Peel police, its board and the OHRC are also committing to “robust engagement with Black, other racialized and Indigenous communities” before finalizing the legally binding agreement.
“...The community and the public have really called for change and a lot of leaders have done a lot of listening this year, we’ve done much ourselves,” Duraiappah says. “And I think to say that we’re going to make change and not do it is the gap.”
The proposed agreement will include timelines for implementation and mechanisms for accountability. It is expected to be brought before the board for approval early next year.
Chadha says she thinks the community will be “cautiously optimistic” about the agreement but anticipates that it is going to be a “successful progressive approach to policing.”
“They’re [the community] hopeful that with the machinery of the Human Rights Commission guiding the police, with the fact that we have promised comprehensive engagement with the impacted communities, that they hope that this is a moment for transformation.”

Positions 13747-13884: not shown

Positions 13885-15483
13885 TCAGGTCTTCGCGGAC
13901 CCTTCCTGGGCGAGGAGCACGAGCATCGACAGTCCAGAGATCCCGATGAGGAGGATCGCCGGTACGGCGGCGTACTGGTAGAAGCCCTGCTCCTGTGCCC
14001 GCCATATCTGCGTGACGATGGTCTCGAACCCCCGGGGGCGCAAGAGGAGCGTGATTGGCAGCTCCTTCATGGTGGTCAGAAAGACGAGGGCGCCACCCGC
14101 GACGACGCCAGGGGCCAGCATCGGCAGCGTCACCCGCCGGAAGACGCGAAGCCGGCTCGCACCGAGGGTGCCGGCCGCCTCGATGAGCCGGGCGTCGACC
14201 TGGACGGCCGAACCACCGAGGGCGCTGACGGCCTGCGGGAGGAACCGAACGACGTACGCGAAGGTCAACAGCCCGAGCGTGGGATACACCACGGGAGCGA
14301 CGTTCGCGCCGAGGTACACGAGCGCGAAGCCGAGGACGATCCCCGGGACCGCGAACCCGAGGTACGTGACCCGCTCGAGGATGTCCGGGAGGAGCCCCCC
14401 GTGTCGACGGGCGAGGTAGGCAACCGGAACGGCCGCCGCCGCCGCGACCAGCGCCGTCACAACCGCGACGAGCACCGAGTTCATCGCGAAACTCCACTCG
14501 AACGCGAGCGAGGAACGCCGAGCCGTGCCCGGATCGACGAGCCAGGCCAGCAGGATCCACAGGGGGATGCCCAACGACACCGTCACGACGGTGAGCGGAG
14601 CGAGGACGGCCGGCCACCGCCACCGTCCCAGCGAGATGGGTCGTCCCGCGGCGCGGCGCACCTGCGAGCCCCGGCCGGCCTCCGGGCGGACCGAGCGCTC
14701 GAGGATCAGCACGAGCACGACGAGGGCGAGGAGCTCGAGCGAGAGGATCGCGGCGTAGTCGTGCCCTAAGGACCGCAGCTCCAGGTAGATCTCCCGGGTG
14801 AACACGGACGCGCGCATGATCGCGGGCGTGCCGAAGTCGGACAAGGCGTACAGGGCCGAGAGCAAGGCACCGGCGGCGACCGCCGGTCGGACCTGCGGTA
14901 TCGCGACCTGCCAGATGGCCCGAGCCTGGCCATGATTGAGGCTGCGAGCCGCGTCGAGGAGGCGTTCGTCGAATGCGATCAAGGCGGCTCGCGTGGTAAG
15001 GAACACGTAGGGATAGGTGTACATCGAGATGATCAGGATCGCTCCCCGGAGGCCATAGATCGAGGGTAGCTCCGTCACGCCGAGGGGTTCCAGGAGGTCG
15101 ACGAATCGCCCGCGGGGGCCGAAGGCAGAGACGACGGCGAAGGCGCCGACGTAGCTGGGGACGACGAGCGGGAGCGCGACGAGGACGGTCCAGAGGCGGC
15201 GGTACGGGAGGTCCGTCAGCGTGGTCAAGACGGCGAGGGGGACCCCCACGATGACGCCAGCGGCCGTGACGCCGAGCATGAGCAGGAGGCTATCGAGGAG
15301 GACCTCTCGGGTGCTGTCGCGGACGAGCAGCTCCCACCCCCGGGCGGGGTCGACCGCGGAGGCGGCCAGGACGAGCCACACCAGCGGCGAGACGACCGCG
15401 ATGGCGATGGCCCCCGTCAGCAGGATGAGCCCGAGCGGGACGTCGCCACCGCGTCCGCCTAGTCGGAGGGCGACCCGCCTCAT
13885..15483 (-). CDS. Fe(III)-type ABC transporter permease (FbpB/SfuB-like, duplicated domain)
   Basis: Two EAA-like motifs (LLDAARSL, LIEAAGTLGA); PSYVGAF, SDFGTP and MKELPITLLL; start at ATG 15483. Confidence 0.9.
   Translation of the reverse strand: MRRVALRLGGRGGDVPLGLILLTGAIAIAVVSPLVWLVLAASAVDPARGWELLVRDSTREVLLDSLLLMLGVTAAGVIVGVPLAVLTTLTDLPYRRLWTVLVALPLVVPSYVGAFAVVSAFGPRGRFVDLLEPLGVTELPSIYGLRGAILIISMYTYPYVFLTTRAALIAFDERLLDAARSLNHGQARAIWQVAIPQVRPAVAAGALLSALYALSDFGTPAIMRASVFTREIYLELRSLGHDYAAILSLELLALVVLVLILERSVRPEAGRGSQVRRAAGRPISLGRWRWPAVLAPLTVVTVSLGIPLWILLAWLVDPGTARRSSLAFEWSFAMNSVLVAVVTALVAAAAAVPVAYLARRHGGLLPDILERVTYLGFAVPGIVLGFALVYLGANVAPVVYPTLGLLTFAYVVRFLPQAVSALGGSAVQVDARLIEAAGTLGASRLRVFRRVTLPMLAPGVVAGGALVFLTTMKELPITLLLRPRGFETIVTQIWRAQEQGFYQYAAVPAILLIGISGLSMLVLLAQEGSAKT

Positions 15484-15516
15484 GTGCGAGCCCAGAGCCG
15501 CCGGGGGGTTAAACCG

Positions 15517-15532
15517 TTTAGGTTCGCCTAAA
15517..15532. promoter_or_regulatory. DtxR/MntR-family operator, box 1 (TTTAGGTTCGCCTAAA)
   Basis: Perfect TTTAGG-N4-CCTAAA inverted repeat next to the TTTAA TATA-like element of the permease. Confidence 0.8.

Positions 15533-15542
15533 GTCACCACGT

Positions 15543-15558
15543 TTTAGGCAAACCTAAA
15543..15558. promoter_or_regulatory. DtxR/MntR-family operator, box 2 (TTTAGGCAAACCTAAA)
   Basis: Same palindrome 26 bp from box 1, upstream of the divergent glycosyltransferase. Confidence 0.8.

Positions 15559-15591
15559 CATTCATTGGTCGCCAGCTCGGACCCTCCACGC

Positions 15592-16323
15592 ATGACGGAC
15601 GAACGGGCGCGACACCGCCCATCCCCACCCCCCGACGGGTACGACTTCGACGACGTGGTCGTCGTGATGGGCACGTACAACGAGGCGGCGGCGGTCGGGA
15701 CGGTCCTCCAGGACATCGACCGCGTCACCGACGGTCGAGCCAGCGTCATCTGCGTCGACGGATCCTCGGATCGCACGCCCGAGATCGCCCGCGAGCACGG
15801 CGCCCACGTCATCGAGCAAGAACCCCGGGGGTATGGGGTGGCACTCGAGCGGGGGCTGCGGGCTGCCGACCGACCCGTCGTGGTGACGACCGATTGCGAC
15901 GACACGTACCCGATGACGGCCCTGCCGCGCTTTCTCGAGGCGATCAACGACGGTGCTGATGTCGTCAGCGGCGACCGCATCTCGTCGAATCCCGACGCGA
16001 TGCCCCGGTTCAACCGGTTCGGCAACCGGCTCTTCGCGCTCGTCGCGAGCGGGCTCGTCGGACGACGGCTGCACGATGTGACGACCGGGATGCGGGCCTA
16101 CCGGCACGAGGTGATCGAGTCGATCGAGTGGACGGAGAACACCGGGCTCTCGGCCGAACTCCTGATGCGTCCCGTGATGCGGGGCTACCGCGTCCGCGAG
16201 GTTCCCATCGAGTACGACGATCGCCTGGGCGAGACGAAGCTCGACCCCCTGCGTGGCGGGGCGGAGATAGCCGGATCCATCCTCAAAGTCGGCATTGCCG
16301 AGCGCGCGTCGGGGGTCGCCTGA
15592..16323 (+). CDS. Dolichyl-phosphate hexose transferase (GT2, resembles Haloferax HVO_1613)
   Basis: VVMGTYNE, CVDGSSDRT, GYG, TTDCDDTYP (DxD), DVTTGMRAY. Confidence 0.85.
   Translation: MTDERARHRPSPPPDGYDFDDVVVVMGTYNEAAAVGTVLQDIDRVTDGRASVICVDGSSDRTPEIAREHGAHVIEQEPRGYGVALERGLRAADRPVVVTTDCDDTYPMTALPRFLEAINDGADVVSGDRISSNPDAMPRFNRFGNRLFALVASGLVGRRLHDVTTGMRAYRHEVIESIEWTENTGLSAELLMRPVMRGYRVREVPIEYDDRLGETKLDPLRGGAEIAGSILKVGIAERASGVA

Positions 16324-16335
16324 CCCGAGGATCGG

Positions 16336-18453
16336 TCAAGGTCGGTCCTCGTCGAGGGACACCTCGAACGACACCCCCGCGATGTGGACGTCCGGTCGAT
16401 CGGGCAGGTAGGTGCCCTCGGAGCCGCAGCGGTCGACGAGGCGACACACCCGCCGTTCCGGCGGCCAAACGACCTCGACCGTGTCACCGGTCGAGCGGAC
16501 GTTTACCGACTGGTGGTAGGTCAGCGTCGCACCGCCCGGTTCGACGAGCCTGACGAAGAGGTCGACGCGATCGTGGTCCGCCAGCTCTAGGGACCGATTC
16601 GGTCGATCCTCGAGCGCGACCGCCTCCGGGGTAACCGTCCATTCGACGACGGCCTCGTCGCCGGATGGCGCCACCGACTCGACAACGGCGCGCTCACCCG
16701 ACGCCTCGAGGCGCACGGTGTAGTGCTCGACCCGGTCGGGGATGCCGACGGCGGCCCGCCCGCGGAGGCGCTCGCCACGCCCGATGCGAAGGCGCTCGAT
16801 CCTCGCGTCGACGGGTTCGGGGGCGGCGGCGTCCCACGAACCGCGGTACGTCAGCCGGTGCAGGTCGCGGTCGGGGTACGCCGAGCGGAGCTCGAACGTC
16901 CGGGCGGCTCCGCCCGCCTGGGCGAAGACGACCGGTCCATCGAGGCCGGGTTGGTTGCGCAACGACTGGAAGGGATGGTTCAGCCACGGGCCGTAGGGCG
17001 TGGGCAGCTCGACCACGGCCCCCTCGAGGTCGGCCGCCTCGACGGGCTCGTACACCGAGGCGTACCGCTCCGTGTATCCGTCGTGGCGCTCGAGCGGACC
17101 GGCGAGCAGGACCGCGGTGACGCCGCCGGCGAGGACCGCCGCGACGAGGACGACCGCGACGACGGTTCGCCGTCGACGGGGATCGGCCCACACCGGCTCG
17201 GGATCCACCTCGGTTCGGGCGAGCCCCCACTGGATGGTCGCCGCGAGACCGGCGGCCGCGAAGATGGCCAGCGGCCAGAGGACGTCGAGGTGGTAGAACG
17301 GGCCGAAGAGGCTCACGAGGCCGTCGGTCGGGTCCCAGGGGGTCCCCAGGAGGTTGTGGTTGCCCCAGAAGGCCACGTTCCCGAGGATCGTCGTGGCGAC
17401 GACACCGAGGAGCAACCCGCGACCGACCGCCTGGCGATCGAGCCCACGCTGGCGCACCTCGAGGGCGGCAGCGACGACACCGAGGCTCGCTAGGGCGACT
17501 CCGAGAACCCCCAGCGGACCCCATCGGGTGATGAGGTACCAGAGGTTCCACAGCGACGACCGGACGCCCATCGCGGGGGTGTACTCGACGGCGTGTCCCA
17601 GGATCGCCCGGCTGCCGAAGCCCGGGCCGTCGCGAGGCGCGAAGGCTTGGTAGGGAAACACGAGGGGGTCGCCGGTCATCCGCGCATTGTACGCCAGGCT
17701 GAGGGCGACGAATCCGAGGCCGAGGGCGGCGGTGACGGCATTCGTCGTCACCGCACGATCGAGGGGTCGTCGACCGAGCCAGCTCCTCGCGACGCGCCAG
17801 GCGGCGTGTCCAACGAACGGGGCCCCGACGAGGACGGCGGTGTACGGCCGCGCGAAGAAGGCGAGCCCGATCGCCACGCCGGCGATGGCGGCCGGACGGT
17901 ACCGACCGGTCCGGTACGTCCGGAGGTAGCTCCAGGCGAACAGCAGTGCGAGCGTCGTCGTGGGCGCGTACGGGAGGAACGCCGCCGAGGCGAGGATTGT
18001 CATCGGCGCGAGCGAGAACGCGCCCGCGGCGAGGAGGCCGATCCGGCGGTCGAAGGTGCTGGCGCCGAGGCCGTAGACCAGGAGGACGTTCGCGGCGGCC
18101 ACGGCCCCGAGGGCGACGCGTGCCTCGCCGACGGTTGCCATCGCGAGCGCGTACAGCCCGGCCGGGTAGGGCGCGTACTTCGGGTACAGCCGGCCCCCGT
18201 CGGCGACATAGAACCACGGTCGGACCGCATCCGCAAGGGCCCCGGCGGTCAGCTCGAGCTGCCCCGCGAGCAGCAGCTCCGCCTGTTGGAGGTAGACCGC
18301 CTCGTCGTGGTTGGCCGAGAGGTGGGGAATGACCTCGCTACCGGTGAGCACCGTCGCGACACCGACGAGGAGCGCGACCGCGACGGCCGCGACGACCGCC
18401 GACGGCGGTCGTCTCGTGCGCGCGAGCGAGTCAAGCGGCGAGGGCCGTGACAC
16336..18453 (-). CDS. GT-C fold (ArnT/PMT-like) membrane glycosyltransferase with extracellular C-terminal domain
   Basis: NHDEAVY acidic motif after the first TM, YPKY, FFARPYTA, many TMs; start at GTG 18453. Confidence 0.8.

Once approved by the board, the parties will approach the Human Rights Tribunal of Ontario to request a consent order, which would require compliance with the terms of an agreed-upon settlement.
Protests to defund the police
Duraiappah acknowledged that George Floyd’s death in Minneapolis over the summer- an unarmed Black man who died in the hands of police- sparked a movement in the Greater Toronto Area and across North America to put an end to anti-Black racism.
Many protests called for defunding the police in an effort to allocate more financial resources to other community sectors, which Duraiappah says he agrees with.
“Just turning the tap off to policing funding has some real negative implications to policing safety but if you think of the spirit about what people are asking is they want to strengthen and bolster other systems so that there’s not an over reliance on us,” he says.